Chapter 4, “Demoralization and depression in cancer,” points out that there is a difference between depression and demoralization, although those are interrelated experiences. “Depression is a very common consequence, but no cause, of cancer. Demoralization develops when the meaning and purpose of life are lost, limiting coping and reducing the value anticipated in life” (p 108). The chapter also touches upon the treatment of depression (therapy, medication) and demoralization (for demoralization without depression: dignity therapy, meaning-centered therapy). The following chapter, “Counseling and specific psychological treatments in common clinical setting. An overview” notes that as in other areas, the effectiveness of therapy rests with the skills or competence of the therapist, and the strength of the therapeutic relationship (p 121). The chapter provides an interesting example of recommendations for a 4-tier psychological provision used in the UK cancer services. Chapter 6, “Genetic counseling and testing for hereditary cancers: psychosocial considerations,” summarizes the area of genetic counseling for cancer (ie, the hereditary breast ovarian cancer syndrome-related mutations, Lynch syndrome-related mutations, issues such as the psychological impact of undergoing genetic testing, and counseling and family communication about genetic testing).

Chapter 7, “Dimensional psychopharmacology of the cancer patient,” promotes a shift from categorical to dimensional psychopharmacology. Although these 2 are complementary, the authors suggest establishing the categorical diagnosis first and following up with a dimensional diagnosis. They do not consider anxiety or adjustment disorders as separate entities from depression. The dimensional approach helps in defining the treatment of psychopathological syndromes rather than entities. Dimensions to consider for treatment in patients with cancer include sadness/demoralization, apprehension/fear, anger/irritability, activation, apathy, obsessionality and somatic preoccupation, and reality distortion and thought disorganization. Appropriate psychopharmacological treatments for each dimension are discussed. This chapter also includes common drug interactions, and a discussion of psychotropic drugs to target somatic symptoms and psychiatric referral for psychopharmacological treatment. Chapter 8 reviews how to advance medical education in existential dimensions of advanced cancer and palliative care, and chapter 9 is a nice summary of a rapid psychometric assessment of distress and depression. A good summary table of rapid psychometric methods (scales) for emotional disorders is included. Chapter 10 then discusses “The value of quality of life assessment in cancer patients,” including the interpretation of quality of life scores. An interesting part of this chapter also reviews the telemonitoring of quality of life.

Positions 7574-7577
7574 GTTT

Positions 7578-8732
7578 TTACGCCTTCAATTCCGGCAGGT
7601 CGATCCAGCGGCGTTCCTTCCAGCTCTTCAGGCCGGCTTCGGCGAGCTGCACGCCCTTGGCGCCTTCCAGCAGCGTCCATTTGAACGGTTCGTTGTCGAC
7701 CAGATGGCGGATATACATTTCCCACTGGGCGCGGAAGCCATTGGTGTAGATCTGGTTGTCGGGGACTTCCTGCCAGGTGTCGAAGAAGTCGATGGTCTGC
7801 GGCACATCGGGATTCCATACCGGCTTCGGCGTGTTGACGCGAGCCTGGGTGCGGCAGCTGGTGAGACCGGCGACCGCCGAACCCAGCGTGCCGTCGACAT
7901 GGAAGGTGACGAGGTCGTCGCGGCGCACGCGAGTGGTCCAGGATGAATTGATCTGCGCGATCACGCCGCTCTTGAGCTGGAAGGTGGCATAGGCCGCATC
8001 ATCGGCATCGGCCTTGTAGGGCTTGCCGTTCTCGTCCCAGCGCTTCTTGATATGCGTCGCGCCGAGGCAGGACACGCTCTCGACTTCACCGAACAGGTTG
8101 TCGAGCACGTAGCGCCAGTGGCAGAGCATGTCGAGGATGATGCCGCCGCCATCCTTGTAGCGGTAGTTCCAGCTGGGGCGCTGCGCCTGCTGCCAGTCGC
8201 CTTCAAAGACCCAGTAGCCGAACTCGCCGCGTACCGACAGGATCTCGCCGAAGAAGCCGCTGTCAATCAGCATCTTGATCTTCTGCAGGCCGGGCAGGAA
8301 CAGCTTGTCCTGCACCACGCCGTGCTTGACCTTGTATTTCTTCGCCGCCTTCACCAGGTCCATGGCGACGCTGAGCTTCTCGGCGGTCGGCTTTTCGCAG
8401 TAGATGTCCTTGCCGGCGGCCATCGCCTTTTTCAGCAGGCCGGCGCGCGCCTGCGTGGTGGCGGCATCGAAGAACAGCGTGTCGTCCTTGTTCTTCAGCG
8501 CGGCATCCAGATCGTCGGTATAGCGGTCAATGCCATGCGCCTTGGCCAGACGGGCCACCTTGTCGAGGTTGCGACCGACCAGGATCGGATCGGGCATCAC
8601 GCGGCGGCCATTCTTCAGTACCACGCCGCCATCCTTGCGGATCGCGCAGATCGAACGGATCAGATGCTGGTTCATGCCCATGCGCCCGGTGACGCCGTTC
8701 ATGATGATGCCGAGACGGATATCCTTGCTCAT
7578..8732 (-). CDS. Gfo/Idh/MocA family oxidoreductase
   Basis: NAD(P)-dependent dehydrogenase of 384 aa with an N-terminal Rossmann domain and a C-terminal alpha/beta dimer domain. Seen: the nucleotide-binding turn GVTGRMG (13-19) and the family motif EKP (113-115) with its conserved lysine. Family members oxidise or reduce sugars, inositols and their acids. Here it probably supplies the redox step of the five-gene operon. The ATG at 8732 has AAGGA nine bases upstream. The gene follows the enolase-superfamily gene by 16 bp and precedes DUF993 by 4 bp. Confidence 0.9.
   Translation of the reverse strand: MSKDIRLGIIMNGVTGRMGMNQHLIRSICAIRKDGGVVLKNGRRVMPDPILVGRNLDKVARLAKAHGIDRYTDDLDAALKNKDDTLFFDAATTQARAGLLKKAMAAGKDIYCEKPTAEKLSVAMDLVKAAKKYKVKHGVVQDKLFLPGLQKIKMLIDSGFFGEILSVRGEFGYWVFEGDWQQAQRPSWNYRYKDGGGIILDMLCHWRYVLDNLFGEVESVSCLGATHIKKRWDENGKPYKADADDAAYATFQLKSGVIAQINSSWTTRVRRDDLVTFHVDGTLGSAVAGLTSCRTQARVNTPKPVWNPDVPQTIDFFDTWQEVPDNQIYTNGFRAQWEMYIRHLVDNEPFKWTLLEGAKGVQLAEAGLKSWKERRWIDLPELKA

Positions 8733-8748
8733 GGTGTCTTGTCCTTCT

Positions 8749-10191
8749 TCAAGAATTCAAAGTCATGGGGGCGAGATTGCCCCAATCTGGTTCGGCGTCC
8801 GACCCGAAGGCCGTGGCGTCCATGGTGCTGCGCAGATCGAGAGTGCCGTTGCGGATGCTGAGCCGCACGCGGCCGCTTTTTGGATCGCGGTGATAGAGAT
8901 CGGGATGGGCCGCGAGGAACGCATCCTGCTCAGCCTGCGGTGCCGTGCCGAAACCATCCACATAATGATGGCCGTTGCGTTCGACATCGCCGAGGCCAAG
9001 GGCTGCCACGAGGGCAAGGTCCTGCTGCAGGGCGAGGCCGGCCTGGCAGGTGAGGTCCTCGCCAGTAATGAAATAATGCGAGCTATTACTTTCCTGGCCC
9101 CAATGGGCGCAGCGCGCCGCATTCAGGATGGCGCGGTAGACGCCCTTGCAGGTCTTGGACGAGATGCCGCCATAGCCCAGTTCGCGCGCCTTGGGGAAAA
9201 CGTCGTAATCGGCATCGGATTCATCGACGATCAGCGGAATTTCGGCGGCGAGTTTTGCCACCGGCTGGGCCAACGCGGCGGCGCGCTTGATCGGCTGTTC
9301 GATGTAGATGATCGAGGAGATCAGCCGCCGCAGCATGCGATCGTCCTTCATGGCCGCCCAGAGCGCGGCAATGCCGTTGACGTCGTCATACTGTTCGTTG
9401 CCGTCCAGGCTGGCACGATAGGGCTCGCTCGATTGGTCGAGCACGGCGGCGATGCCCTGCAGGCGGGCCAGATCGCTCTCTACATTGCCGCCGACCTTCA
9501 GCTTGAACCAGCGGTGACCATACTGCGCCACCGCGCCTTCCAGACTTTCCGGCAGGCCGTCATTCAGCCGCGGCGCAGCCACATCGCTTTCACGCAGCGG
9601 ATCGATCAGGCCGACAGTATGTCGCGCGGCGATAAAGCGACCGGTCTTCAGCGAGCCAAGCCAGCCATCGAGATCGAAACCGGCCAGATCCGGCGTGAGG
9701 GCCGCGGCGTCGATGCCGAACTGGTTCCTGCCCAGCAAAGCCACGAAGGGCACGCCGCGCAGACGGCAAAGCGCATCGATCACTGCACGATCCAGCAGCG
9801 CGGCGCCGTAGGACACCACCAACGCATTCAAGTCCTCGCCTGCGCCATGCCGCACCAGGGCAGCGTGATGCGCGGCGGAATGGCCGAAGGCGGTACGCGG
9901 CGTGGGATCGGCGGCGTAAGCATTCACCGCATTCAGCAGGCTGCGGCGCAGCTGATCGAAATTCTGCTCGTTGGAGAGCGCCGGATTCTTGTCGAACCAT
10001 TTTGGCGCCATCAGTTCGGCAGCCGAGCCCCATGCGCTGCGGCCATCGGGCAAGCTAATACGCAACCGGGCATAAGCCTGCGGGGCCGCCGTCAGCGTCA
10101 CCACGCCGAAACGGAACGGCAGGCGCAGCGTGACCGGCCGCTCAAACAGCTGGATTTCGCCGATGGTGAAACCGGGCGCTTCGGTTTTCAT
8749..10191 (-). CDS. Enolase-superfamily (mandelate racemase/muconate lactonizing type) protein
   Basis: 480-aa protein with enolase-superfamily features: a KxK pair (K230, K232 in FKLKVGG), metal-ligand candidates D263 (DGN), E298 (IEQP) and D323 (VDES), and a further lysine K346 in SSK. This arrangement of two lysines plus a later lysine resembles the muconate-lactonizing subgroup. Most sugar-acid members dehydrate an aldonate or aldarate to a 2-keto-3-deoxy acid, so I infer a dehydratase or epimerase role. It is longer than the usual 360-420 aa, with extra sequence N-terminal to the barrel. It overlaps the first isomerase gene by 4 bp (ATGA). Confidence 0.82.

Chapter 11, “Support of the dying patient: psychological issues and communication,” is another very important part of this book. It discusses 5 key elements of psychological support for a dying patient, including an integrated model of adaptation to existential threat; discussion of the main psychological challenges that impending death represents for the patient; different psychotherapeutic interventions in palliative care; the support for clinicians which includes physicians, nurses and other health professionals working with the dying patient; and identification of communication challenges in palliative care, together with information about communication skills training (p 289). Support for clinicians, physicians, nurses, and other health care professionals working with a dying patient is also discussed. In the interesting discussion on coping and defense mechanisms, the authors remind the reader that “coping strategies, which are conscious and modifiable through learning, can help to resolve problems or emotional tensions and must be distinguished from defense mechanisms” (p 292). The discussion on psychological challenges of a dying patient includes loss of control, facing uncertainty and separation, and facing the future and reflecting on the past. The text reviews different psychotherapies used in palliative care (ie, psychodynamic, cognitive-behavioral therapy, existential, and systemic), and includes a section on supporting the supporters—up to 30% of oncologists experience psychiatric morbidity and report high levels of exhaustion, demotivation, and low levels of achievement! The final chapter, “Psycho-oncology and optimal standards of cancer care: developments, multidisciplinary approach, and international guidelines,” is a standard feature in many books like this, and includes examples from various countries throughout Europe and the rest of the world.

This is a clinically useful and easy to read book that would be a welcome addition to the libraries of all clinicians involved with cancer patient care. It would also be useful for training psycho-oncology specialists (either in psychosomatic medicine fellowships or other specialized training programs). Many clinicians may find at least parts of this book educational and thought provoking. I especially enjoyed the chapter on communication, as it addressed a major issue for many clinicians I know—a lack of solid, thoughtful communication skills. The discussion of palliative care also is quite revealing for those, like myself, who are not involved in this difficult and stressful area of medical care. This text is a definite buy.